As Valentino The Beginning alludes, Pierpaolo Piccioli starts anew from an imaginary conversation with maison founder Valentino Garavani, culminating in this collection that re-signifies the house codes and reveals Piccioli’s view of the times. He staged the presentation on the steps of Piazza di Spagna, next to where it all began – the atelier of the fashion house established by Garavani 62 years ago. So, it is fitting that the first look celebrates the hallmarks of the brand, festooned with larger-than-life roses in Valentino-synonymous red.
“In this collection, we are looking at fragments of different cities, namely Kyoto, Paris and Rome. The fragmentary nature of things is echoed throughout the collection, like snatches of memory or the impression of things past, present and future,” sums up Kim Jones of his repositioning of Rome in a global context. This couture ensemble of a T-shirt and pants is a modern East-meets-West combination with hand-embroidered acer palmatum leaves – from the Ode to Autumn fabric design circa 1700s Kyoto – presented amid a generous sprinkle of sparkling crystals.
GIORGIO ARMANI PRIVÈ
Entitled Pétillant (French for sparkling), the dreamy collection delves into escapism as the still-sprightly Italian maestro finds fresh inspiration from the Roaring Twenties with charismatic Polish Art Deco painter, Tamara de Pempicka, as the muse. Her sense of rebellious elegance illuminates the parade of looks, lending elongated jackets a fresh definition, with trousers cut in curvilinear shapes that hug the ankle.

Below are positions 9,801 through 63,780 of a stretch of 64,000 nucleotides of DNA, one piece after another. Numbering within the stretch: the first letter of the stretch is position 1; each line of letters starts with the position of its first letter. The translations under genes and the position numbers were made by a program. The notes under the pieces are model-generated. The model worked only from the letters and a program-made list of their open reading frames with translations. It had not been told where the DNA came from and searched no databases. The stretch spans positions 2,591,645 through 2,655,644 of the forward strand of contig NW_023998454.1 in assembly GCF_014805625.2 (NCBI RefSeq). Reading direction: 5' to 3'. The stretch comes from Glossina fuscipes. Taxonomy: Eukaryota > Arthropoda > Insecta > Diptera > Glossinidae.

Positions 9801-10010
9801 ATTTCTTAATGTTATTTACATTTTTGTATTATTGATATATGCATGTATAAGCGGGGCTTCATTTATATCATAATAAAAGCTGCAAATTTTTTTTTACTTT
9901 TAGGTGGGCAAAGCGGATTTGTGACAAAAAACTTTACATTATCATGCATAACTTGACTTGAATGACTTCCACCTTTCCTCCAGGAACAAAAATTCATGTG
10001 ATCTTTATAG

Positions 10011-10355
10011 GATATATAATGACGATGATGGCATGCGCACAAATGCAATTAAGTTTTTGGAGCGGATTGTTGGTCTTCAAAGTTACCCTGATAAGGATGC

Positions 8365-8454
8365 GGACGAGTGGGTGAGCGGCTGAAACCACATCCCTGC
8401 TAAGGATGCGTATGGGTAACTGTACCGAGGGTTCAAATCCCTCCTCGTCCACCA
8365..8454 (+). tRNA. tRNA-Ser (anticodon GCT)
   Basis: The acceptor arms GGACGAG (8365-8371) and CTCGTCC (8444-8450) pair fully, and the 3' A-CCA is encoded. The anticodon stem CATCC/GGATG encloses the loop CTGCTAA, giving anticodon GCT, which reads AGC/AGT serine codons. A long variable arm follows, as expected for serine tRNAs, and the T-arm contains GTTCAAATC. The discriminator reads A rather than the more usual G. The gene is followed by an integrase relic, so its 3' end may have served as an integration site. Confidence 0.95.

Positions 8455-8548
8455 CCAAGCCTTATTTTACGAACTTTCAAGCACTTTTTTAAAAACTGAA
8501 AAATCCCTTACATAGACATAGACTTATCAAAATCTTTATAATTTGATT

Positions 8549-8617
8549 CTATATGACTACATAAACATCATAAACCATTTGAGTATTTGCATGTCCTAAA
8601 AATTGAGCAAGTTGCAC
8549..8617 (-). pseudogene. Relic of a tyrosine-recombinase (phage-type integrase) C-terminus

“In this new collection, there are suits and long dresses like Mademoiselle Chanel imagined them in the 1930s: fitted to the body even though they have strong shoulders here… And lace too, inlaid, reworked, not embroidered, but repainted,” points out Chanel’s creative director Virginia Viard on this dress with peaked shoulders and pink florals hand-painted on guipure lace. Sitting atop the sequinned collar is a glittering necklace composed of comets and stars from the maison’s 1932 high jewellery collection, while feet are dressed in unexpected cowboy boots that link back to the Étrier de Paris equestrian centre where the show is staged.
Embodying the connection between cultures, myths and different forms of creation, the tree of life is at the heart of Maria Grazia Chiuri’s folkloric haute couture collection. In conveying the globalism of artisanship, she brings together highly specialised techniques of smocking, hand-weaving and lace-working. The fabric of this exquisite two-piece ensemble looks deceptively like lace, but is in fact an exceptional work of thread from Atelier Vermont that employs a wide range of embroidery techniques on cloth that is progressively cut away.
This story first appeared in the November 2022 issue of Prestige Singapore